New Endowment Will Preserve Flannery’s Church
Published: May 28, 2009
The estate of Regina O’Connor, the mother of Flannery O’Connor, created a trust in memory of Flannery, the Georgia-born, Catholic writer who died in 1964. On a directive from the estate, $200,000 has been given to the Catholic Foundation of North Georgia to create an endowment fund to preserve the 135-year-old Sacred Heart Church in Milledgeville if the parish outgrows the church. (Photo by Michael Alexander)
MILLEDGEVILLE—At the corner of North Jefferson and East Hancock, the historic brick church stands. Stepping inside, time seems to have been its friend. Even empty of people, it is filled with warmth, as if imbued with the prayers and the devotion of ordinary Catholics who marked each season of their lives at Sacred Heart Church, and whose children and grandchildren later came along to do the same.
The first Mass was celebrated in Milledgeville in 1845 at the hotel residence of Hugh Treanor. When the church was dedicated in 1874, the cornerstone credits the efforts of his wife, Joanna. The Treanor home was once across the street.
Louise Florencourt is one of the Treanors’ great- granddaughters.
At the church on May 15, she graciously pointed out historical markers and described architectural details that she remembers as they once were: a religious oil painting that once hung behind the altar; solid oak pews that were replaced in the modern era; antique glass windows salvaged from the famous hotel that previously stood on the site; a beautiful altar rail.
Although those historical features are gone, the original pressed tin ceiling is still visible and the altar is the same, as is the brickwork, whose details, if closely examined, reveal the first footprint of the church, as well as a 1910 renovation. A wooden staircase leads to the choir loft, where her great aunt played the organ, and interesting photographs from earlier years are mounted on the walls.
Sacred Heart parishioner Louise Florencourt is the first cousin of the late Flannery O’Connor. Her mother, Agnes, and Flannery’s mother, Regina, were sisters. Florencourt was born in Savannah, but she was raised in Massachusetts, where she graduated from Radcliffe College and Harvard Law School. (Photo by Michael Alexander)
Her mother, Agnes, was the sister of Regina Cline O’Connor, making her a cousin to Mrs. O’Connor’s only child, Flannery, the celebrated writer.
Honoring a directive from the estate of Regina O’Connor, which created a trust in memory of Flannery, $200,000 has been given to the Catholic Foundation of North Georgia this spring to create an endowment fund, also named for Flannery, to preserve Sacred Heart Church.
“This is Regina’s gift,” Ms. Florencourt said. “Sacred Heart Church was one of four charitable entities she specifically named.”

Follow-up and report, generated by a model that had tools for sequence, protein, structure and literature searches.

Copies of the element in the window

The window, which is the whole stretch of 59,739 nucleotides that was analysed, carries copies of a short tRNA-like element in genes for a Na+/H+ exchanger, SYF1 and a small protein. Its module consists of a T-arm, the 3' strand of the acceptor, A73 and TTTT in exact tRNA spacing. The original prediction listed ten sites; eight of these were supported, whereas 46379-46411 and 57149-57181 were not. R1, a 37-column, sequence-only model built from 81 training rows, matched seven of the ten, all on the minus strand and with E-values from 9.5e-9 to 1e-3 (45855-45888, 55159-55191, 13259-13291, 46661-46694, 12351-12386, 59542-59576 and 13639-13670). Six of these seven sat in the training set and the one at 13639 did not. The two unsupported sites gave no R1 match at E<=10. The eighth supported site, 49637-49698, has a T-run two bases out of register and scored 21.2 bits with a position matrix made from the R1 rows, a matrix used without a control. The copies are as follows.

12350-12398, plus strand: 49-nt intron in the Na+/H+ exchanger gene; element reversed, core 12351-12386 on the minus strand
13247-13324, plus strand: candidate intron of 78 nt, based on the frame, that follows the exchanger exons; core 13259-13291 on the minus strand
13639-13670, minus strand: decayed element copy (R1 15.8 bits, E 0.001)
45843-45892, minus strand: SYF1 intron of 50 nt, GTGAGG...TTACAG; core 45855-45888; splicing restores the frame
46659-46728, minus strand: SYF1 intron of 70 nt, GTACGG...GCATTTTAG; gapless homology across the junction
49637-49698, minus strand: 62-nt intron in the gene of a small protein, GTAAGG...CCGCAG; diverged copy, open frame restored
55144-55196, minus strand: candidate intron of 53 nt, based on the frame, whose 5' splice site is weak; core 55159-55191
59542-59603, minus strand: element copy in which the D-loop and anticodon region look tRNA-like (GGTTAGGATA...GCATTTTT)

The church naturally was a place she thought of as a part of family history and generosity, going back to the 1800s and her grandparents’ role as founders. She and her husband were married there and both, along with Flannery, were buried from there.
“The family was one of a few who supported the parish when there were just a handful of people here. They were faithful Catholics and they supported the church during those years,” Ms. Florencourt said.
Also, Flannery’s fiction was shaped by her Catholic faith and many who visit Milledgeville studying her writing seek out the church where she prayed.
While Mrs. O’Connor selected Sacred Heart, Ms. Florencourt said that she and her late sister, as trustees, specifically decided to commit the funds toward ensuring that Sacred Heart Church will be preserved, if and when the parish outgrows the historic church and needs to build a new church in another location.
Louise Florencourt, center, stands with Nancy Coveny, left, executive director of the Catholic Foundation of North Georgia, and Diane Duquette, archdiocesan director of gift planning, inside Flannery O’Connor Hall, which is adjacent to Sacred Heart Church. (Photos by Michael Alexander)
“Mrs. O’Connor wanted to assure this church structure would be saved as long as it could be used for the liturgy. Mrs. O’Connor’s funds would be used to support it when it is no longer used as a (parish) church,” she said.
“It is all in the future. It cannot be used now,” she added.
Father Michael McWhorter, pastor, said that the more than 300 families in the parish “love the little church,” which seats 125 people. He celebrates four Masses each weekend to accommodate parishioners and even so at times people have to sit in the attached parish hall with a side view of the altar. Catholic students at Georgia State College and University now number more than 200, when there used to be a handful, he said.